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Eclipse Fever Gripped the South Fork, Too

Thu, 04/11/2024 - 10:28
The look of wonder on Mitchell Brownstein’s face says it all, as he watched the early stages of Monday’s solar eclipse in the field behind the South Fork Natural History Museum in Bridgehampton.
Durell Godfrey

During the solar eclipse on Monday, when approximately 89 percent of the sun was blocked out by the moon here, a woman in the field behind the South Fork Natural History Museum in Bridgehampton said the Navajo go inside during an eclipse to give the sun and moon their privacy. Apparently that message hadn’t been widely circulated. Vineyard Field was dotted with 100-plus voyeurs, in small groupings on lawn chairs and blankets, staring with solar-safe spectacles, taking in every second of the hot action.

It was both a communal and a solitary experience.

“It’s rewarding to be part of an event like this,” said Frank Quevedo, the executive director of the museum. “It’s nice to see people enjoy the field. It’s there every day.” As he spoke, a museum employee told him a single sea star in the basement tanks had started to spawn.

Other than the one horny sea star, the focus was upward. A worrying sheet of clouds inched eastward while two turkey vultures circled below the tree line. Tree swallows, recently returned, were a less foreboding presence.

The mood was light, like a snow day but sunnier, a sun day. A hunk of moon was already blocking a portion of a sun, and people were urging each other to pay attention. Everyone was alert to any slight change.

“Why are you here all by yourself?” one woman asked another.

“Seeing the eclipse, like everyone else,” came the answer.

“I’m concerned about the animals and birds,” said Jane Gill, a volunteer for the Quoque Wildlife Refuge. “My birds [two cockatoos] were shaking this morning, and it wasn’t as if it was cold.” She showed pictures of a fox that had wandered into her yard that morning. Weird. Rare.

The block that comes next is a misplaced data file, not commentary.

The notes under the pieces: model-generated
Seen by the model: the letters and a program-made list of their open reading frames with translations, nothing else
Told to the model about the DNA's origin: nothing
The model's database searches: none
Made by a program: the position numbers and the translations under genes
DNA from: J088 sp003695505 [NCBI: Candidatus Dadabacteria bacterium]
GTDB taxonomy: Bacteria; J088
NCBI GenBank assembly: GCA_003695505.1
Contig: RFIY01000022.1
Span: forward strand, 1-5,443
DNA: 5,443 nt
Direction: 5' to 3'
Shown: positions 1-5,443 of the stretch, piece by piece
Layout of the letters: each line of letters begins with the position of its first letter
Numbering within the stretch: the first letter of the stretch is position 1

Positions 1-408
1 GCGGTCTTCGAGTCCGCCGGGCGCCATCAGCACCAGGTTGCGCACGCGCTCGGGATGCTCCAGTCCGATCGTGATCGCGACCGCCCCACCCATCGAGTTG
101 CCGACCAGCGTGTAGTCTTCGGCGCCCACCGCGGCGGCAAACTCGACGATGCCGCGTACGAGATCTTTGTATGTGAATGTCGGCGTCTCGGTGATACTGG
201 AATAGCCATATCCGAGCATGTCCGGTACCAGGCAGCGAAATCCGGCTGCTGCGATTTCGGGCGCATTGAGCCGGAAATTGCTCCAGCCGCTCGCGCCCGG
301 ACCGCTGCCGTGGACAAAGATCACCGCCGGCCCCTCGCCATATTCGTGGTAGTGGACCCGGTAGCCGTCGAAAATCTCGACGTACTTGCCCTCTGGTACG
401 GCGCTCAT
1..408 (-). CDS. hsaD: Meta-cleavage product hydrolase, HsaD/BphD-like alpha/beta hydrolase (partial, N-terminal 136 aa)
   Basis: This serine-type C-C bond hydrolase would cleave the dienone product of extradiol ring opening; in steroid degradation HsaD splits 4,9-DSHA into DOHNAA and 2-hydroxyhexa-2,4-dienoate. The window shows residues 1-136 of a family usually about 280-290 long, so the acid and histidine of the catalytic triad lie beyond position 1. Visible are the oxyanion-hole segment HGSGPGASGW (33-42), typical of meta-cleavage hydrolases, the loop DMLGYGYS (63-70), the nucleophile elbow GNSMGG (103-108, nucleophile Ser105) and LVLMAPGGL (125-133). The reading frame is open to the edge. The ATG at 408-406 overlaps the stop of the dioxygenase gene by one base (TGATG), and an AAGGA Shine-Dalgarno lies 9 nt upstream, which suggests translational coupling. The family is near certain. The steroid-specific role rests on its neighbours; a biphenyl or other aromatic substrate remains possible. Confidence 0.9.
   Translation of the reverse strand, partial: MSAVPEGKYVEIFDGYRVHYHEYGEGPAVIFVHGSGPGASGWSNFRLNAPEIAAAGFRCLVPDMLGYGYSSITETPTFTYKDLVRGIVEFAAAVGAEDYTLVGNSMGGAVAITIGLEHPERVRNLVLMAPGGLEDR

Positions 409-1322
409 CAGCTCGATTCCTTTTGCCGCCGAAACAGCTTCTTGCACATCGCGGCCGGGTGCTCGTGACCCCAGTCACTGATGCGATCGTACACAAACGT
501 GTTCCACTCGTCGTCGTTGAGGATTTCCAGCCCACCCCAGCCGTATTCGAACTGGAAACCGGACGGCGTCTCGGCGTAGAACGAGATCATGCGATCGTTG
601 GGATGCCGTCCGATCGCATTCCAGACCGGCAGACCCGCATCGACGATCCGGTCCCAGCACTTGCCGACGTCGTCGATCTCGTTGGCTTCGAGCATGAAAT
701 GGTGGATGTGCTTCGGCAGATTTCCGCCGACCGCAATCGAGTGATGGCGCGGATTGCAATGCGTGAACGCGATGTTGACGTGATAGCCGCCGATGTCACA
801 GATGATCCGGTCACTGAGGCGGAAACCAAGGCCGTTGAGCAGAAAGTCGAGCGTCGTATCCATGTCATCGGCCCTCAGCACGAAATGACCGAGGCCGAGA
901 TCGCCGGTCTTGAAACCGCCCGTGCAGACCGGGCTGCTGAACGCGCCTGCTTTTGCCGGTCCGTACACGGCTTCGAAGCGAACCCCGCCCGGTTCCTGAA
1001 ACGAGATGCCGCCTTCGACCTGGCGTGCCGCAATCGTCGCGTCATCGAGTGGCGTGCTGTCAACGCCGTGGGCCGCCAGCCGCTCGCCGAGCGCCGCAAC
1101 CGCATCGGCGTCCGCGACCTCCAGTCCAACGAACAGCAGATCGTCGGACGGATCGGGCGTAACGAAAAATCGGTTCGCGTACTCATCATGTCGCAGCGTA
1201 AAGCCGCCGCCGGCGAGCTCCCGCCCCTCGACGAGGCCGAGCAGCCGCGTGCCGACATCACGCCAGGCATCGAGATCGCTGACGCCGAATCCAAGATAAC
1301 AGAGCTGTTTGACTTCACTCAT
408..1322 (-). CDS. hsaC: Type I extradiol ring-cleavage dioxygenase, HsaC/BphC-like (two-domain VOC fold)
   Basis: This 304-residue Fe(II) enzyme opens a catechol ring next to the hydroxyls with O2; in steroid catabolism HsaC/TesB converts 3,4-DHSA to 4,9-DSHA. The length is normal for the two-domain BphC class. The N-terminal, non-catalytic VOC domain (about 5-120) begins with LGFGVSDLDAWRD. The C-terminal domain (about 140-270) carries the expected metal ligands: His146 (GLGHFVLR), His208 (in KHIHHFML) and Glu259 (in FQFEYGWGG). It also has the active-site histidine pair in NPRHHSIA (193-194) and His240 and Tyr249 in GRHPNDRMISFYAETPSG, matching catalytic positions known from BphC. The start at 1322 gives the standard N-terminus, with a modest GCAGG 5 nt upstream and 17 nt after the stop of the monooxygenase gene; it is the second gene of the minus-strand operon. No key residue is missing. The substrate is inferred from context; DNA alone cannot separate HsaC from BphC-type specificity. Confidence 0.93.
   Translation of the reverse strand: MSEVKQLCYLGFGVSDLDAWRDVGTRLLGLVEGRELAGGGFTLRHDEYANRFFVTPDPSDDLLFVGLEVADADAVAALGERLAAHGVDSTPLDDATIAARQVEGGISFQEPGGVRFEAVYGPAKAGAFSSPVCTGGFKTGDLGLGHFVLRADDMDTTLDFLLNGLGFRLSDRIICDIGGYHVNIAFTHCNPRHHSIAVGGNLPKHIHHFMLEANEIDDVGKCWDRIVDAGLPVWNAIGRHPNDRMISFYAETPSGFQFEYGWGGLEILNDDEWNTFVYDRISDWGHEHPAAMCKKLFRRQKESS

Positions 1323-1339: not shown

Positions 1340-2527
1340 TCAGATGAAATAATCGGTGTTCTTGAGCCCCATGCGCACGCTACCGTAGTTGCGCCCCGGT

Tom Oleszczuk, who published a book of poetry during Covid titled “In This Time of Mass Distress,” said the eclipse was a “special time where the universe and the sky, in particular, are presenting to humanity something different that causes one to reflect upon what may be special in our lives. It, of course, represents a rebirth when the sun re-emerges. It causes us to think about how we can restart our lives.”

“The light is getting faded,” said Caroline Cutaia, from a nearby blanket. “In my life I look up. I think it’s important for people to keep looking up because it gives you a more universal perspective on life.”

Some observers were tucked into the pine woods and were best left alone. Others were parked along the main thoroughfares of the field, which are mowed by the Friends of the Long Pond Greenbelt (a co-sponsor of the event) monthly, to coincide with their full moon hikes. Railroad tracks border the southern edge of the field, and a train passed, heading west.

Kathleen McLaughlin referenced a line from the Annie Dillard essay, “Total Eclipse”: “ ‘Seeing a partial eclipse bears the same relation to seeing a total eclipse as kissing a man does to marrying him.’ So, I guess we may not get the full impact,” she said dryly.